Musings of a Millennial

I keep all kinds of random notes in my phone. When an idea intrigues me, I write it down so I don’t forget. Today, while looking through past notes, I came across the following and think it’s worth posting. Here you’ll find the random musings of a millennial, considering the divide that exists between my generation and many of our elders.

We want to learn from you. The problem is we don’t trust you. True trust only grows through relationship. It grows not by speaking, but by listening. And once I feel that you listen and understand, when I feel like you truly know me–not just about me, but you know how I think and the intentions of my heart–then I know you love me when your actions promote my good. Unfortunately, that’s not how many of our relationships work. Particularly across barriers that keep us apart.

Right now, the barriers are most evident as we scrutinize people with power, and how they use it. Two years ago, the riots in Ferguson captured my attention. I began hearing stories from people of color, whose experiences in our country were so different from my own. Then about a year and a half ago, I took a course at seminary on the church, justice, and society. I learned from an amazing professor, Dr. Johann Mostert, who is a white South African man. He was a minister in South Africa during apartheid, and for the beginning of our class, he shared his story of what it was like being a white pastor caring for orphans when apartheid began to be abolished. Stories of how his black brothers and sisters had been violently treated and discriminated against were revealed. He came to realize the privileges and power he had of which he had been completely unaware.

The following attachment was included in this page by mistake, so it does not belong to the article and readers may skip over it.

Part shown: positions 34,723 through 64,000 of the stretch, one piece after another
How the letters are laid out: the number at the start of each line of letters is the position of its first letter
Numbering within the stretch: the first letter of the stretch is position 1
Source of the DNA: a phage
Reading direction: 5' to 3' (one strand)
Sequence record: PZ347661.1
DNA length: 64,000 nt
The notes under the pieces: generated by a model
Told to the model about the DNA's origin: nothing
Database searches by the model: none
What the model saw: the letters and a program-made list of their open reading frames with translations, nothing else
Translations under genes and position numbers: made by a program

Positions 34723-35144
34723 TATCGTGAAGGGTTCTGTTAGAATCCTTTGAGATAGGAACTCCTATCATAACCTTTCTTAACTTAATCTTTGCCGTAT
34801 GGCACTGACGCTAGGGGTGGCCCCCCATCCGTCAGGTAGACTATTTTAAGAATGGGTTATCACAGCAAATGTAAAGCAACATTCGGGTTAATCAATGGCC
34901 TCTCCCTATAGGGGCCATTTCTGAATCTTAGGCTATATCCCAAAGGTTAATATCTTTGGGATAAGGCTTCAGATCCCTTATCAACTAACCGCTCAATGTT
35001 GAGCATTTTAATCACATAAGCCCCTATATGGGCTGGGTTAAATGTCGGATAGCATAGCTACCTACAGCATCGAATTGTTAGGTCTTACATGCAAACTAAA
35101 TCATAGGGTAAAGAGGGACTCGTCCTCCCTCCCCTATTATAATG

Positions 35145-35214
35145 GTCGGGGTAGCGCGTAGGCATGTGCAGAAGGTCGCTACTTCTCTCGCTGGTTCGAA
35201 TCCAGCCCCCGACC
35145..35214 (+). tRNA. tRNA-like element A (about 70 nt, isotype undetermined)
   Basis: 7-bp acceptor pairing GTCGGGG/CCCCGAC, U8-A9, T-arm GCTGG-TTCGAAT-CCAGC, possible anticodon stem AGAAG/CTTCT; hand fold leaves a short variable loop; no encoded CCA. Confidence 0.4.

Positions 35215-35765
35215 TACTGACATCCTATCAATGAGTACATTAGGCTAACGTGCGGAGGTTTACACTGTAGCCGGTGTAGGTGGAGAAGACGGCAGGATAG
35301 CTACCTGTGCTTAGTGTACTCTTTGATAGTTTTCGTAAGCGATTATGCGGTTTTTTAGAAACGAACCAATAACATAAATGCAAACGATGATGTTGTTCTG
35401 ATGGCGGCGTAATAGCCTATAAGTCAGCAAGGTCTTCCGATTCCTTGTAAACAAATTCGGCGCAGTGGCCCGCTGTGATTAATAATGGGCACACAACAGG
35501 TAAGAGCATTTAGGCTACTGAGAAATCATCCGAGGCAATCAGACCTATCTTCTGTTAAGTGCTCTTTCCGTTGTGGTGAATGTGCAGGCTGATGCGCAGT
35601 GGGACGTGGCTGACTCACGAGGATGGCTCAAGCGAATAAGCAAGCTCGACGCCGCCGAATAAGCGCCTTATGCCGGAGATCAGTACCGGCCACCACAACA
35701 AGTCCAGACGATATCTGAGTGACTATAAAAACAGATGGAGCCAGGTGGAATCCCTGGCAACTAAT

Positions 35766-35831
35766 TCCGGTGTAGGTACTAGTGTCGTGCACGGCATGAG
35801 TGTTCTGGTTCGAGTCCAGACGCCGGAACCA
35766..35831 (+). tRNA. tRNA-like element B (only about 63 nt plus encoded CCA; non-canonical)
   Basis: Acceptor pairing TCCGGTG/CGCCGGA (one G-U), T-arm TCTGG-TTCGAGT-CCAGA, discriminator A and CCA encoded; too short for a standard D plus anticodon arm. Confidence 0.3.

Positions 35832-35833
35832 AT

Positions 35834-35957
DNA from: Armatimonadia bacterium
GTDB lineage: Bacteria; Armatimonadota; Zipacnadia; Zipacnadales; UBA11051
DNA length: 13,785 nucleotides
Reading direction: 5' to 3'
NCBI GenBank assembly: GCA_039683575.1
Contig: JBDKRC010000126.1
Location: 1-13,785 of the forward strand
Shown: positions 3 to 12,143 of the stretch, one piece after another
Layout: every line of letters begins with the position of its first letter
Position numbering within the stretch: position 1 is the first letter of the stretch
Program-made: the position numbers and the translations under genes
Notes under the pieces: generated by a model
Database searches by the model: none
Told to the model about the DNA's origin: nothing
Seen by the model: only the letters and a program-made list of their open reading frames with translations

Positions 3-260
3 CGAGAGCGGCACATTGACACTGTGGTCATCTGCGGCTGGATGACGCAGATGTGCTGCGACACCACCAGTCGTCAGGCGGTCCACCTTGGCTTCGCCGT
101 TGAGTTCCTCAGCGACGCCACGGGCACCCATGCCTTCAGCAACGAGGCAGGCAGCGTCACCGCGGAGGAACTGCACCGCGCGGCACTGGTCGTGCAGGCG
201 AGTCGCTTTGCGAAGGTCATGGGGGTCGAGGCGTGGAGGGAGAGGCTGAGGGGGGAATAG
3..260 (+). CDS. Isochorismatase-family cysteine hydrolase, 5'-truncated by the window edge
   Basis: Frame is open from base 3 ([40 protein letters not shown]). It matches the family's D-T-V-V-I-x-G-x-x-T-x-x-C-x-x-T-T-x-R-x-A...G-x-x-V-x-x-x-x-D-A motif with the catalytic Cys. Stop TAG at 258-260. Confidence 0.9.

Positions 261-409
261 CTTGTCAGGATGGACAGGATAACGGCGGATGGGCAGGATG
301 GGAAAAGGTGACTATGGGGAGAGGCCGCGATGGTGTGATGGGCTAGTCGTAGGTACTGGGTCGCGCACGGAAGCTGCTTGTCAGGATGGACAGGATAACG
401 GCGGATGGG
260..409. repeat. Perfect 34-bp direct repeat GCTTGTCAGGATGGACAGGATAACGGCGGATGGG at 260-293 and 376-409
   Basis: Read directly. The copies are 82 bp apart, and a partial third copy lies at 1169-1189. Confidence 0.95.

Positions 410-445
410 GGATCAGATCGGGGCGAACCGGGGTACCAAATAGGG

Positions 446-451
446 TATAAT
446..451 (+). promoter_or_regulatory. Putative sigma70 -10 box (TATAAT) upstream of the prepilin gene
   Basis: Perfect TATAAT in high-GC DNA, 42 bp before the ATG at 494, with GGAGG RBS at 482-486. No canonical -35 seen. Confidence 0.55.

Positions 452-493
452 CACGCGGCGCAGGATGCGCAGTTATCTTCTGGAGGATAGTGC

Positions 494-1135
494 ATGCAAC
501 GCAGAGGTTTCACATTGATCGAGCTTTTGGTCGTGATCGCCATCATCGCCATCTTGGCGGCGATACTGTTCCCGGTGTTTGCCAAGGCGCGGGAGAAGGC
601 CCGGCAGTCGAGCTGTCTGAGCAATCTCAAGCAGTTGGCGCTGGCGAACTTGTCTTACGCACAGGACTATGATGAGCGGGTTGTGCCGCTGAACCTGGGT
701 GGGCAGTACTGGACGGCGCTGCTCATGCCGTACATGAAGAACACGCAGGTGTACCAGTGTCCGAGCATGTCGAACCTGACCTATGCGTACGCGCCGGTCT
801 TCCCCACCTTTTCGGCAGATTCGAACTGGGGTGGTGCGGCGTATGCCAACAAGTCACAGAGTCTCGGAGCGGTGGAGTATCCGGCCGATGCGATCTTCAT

Since this time, I have been working to listen to the stories of my friends who have different experiences from me simply because the pigment of their skin has a darker shade than mine. Though both of our passports–if they’ve been afforded the luxury of traveling abroad–mark us as American, the culture of our families and local communities have many unique distinctions from each other.

I’ve been learning that things like my skin color, my upper middle class family, and my education, grant me a kind of power that my friends lack. So how will I use my privileges? Will I use my power on behalf of those without it–the vulnerable and marginalized? Or will I use my power for myself, to keep and grow it, to protect and advance me?

I cannot truly love my black or brown neighbors without listening to their stories and acting for their goods. I cannot guarantee I will be perfect, but I am certainly trying.

Fear marks our divides, because I think we all feel a sense of powerlessness, and we fear how the other will use his or her power. As young people, our elders have power that–it often seems–is used to burden us. Yet our elders feel that they are losing power, and fear how we will use the power we gain. They fear that we will act foolishly and forsake the good they’ve worked to accomplish.

Our fear keeps us on opposite sides of the table, throwing accusations and growing our divides. But imagine if we came to sit side by side.

Imagine if we listened and sought to understand each other. Imagine if we said, “Let me speak on your behalf,” and we acted for each other’s good.


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